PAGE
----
TA first-person account from the 2-7 Cav (Gary Owen) on the battle of Fallujah. Reads a bit like the accounts of the fighting in Germany in late 1944 / early 1945 as the Allies pushed across the Rhine.
Well, Task Force 2-7 Cav made it back from Fallujah earlier than expected, mission accomplished. It feels so good to be back from a second successful mission that was as difficult as it was dangerous.
We left Camp Cooke on Nov 1 and staged at Camp Fallujah for about a week. While there, we got the good news that George Bush was re-elected and we had busy days and nights of planning and rehearsals for the big attack. 2 days before "D Day," a 122 mm rocket impacted 50 meters away from our tents that sent everyone to the floor. We staged there at a remote part of the post and it was obvious that a local national tipped off the "mujahadin" (our name for the enemy) where we staged. From that attack, we lost one soldier and 4 more were wounded. That attack gave the rest of the Task Force enough anger to last the whole fight.
After all the drills and rehearsals, the day for the attack finally came on Nov 8. Prime Minister Allawi gave the green light and Coalition and Iraqi forces went all the way. On Nov 7, a battalion of Marines seized the peninsula to the west of the city to prevent insurgents from fleeing. A brigade (4,000 soldiers) from the First Cav set up another cordon around the city to catch anyone fleeing. The plan was to make sure the insurgents would either surrender or fight and be killed. Intelligence estimates put the enemy between 3,000 - 5,000 strong, so we knew we had a tough fight ahead of us. One of the interesting factors to this fight was the weather. Although Iraq is unbelievably hot in the summer (up to 130 in Najaf), it was colder out in Fallujah than it was back in New York. Temperatures were typically in the upper-30?s and low 40?s between 5 pm ? 8 am. The average temperature here has dropped about 30 degrees in the past month or so.
We moved all of our vehicles and soldiers from Camp Fallujah to a position about 1 mile north of the city. That's also where we set up our TF support area (re-fuel, re-arm) and where we set up the Tactical Operations Center. All day long while were setting up at that location, Air Force and Marine Corps aviators shaped the battlefield with laser-guided bombs and hellfire missiles. Although American forces had not been into the city since April, we had been collecting intelligence on the city for months through unmanned aerial vehicles (UAVs), human intelligence, and Special Forces. So we knew exactly where they stored their weapons and where they held meetings, and so on. All of these attacks from the air were precise and very effective in reducing the enemy's ability to fight us before the battle even started. With each attack, secondary explosions of weapons/ammo blowing up were heard. The Coalition also threw the enemy a curveball by destroying all the vehicles that had been parked in the same location for more than 3 days---the enemy planned to use these as car bombs when we attacked. Again, almost every single vehicle the air assets attacked had huge secondary explosions.
After 12 hours of massive air strikes, Task Force 2-7 got the green light and was the first unit to enter the city. There is a big train station on the city's northern limit, so the engineers cleared a path with some serious explosives and our tanks led the way. While this was happening, my intelligence shop was flying our own UAV to determine where the enemy was.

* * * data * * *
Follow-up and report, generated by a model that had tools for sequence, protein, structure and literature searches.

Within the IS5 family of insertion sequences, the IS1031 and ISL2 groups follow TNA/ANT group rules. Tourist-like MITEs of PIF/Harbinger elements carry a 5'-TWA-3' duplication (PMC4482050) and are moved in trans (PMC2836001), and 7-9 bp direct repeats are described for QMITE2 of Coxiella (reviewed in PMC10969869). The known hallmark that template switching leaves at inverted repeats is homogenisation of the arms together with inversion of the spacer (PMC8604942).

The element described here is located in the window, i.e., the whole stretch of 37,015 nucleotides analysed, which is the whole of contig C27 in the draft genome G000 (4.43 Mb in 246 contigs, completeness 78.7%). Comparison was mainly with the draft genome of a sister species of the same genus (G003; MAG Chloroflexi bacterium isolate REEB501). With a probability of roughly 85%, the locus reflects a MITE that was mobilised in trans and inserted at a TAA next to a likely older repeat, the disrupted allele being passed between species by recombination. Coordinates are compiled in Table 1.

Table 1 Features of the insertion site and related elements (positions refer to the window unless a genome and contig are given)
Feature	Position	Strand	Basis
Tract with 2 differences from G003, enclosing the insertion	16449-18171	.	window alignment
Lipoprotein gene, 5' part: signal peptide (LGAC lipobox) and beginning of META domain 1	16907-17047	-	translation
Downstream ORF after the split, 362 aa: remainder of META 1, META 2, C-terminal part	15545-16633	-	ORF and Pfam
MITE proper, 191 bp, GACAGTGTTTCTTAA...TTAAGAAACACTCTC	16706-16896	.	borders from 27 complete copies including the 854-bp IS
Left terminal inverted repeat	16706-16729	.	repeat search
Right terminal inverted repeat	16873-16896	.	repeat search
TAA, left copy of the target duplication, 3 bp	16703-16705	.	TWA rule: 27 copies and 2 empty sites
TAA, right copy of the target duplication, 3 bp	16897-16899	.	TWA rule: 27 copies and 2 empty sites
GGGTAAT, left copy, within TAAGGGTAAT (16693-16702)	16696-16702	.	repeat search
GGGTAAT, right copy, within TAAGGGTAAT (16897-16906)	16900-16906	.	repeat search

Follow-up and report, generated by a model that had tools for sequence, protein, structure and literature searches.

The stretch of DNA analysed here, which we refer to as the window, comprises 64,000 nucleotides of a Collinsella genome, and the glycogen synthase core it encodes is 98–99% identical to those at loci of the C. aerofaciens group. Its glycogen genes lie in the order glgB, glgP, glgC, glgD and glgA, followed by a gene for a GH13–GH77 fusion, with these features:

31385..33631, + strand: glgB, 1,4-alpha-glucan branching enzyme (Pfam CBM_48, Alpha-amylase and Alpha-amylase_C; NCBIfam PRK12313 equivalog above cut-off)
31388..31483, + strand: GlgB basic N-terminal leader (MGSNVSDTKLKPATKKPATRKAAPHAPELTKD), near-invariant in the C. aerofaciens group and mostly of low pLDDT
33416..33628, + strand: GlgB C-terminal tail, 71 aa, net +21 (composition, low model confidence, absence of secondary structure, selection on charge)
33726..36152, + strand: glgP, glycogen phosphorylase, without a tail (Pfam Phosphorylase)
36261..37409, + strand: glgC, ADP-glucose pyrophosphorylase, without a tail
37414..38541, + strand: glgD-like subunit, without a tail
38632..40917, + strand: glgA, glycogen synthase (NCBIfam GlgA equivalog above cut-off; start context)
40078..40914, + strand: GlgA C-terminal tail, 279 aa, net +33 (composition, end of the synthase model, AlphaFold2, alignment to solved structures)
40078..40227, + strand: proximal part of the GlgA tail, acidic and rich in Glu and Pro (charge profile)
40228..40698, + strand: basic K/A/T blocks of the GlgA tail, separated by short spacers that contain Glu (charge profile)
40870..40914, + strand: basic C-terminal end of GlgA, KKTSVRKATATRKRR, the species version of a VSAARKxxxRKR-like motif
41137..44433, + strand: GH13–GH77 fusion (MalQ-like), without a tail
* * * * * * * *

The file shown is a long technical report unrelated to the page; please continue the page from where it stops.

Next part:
It is a very small plane that is launched by being thrown into the air. We flew it for 6 hours and reported grids to the tanks and Bradleys of where we saw insurgents on the roof and moving in the street---so our soldiers knew where the enemy was, before they even got to the location. We crossed the train station just before midnight and led the way for the Marines by killing everything we could in our way. It took our tanks and brads until 10 am the next day to get 2 miles into the city. They killed about 200 insurgents in the process and softened the enemy for the Marines. 5 of our soldiers were wounded in this first 10 hours, but we accomplished our part of the plan. The Marines' mission was to follow TF 2-7 and fight the enemy by clearing from building to building. A lot of the insurgents saw the armored vehicles and hid. They waited for the Marines to come and took their chances by fighting them since the Marines weren't protected by armor like we were. In that first day of fighting, the Marines took 5 x KIA and many more wounded, but they also did their job very well. Along the way, they found HUGE caches of weapons, suicide vests, and many foreign fighters.
They also found unbelievable amounts of drugs, mostly heroin, speed, and cocaine. It turns out, the enemy drugged themselves up to give them the "courage" and stupidity to stay and fight. The enemy tried to fight us in "the city of mosques" as dirty as they could. They fired from the steeples of the mosques and the mosques themselves. They faked being hurt and them threw grenades at soldiers when they approached to give medical treatment. They waived surrender flags, only to shoot at our forces 20 seconds later when they approached to accept their surrender.
The next few days, TF 2-7 maintained our battle positions inside the city, coming out only for fuel and more ammo. We fought 24 hours a day and continued to support the Marines as they cleared from house to house. If they were taking heavy fire or RPG fire from a house, they would call on our tanks. Our guys would open up on the house with 120 mm main gun or .50 cal. After 5 minutes of suppressive fire, then the Marines would go into the building and clear it. There was rarely anyone left alive by that point. The problem is that we couldn't be there to do that for all the Marines, and when we couldn't and they had to clear the building without our help, they took heavy casualties because the insurgents didn't stop firing until the Marines got into the building and killed them.
After 3 days, half of the city had been cleared and Iraqi Forces followed the Marines to re-clear the buildings and clean up the caches.
Sometimes the insurgents who had managed to hide from the Marines would stand and fight the Iraqis, so they took some casualties as well. But they did a good job of securing the area and collecting the thousands of AK-47s, RPGs, mortars, and IEDs that were in these houses. All that ammo proved just how intensely the enemy planned to defend the city after all, Fallujah was the symbol of the resistance against the new Iraqi government. They wanted to keep their safe haven for terrorists like Zarqawi to behead innocent people. Since no Coalition Forces were allowed into the city, they were able to get away with those atrocious acts without much trouble.
On day 3 of the fight, we had the most exciting moment for me personally when our Task Force Support Area and TOC came under attack.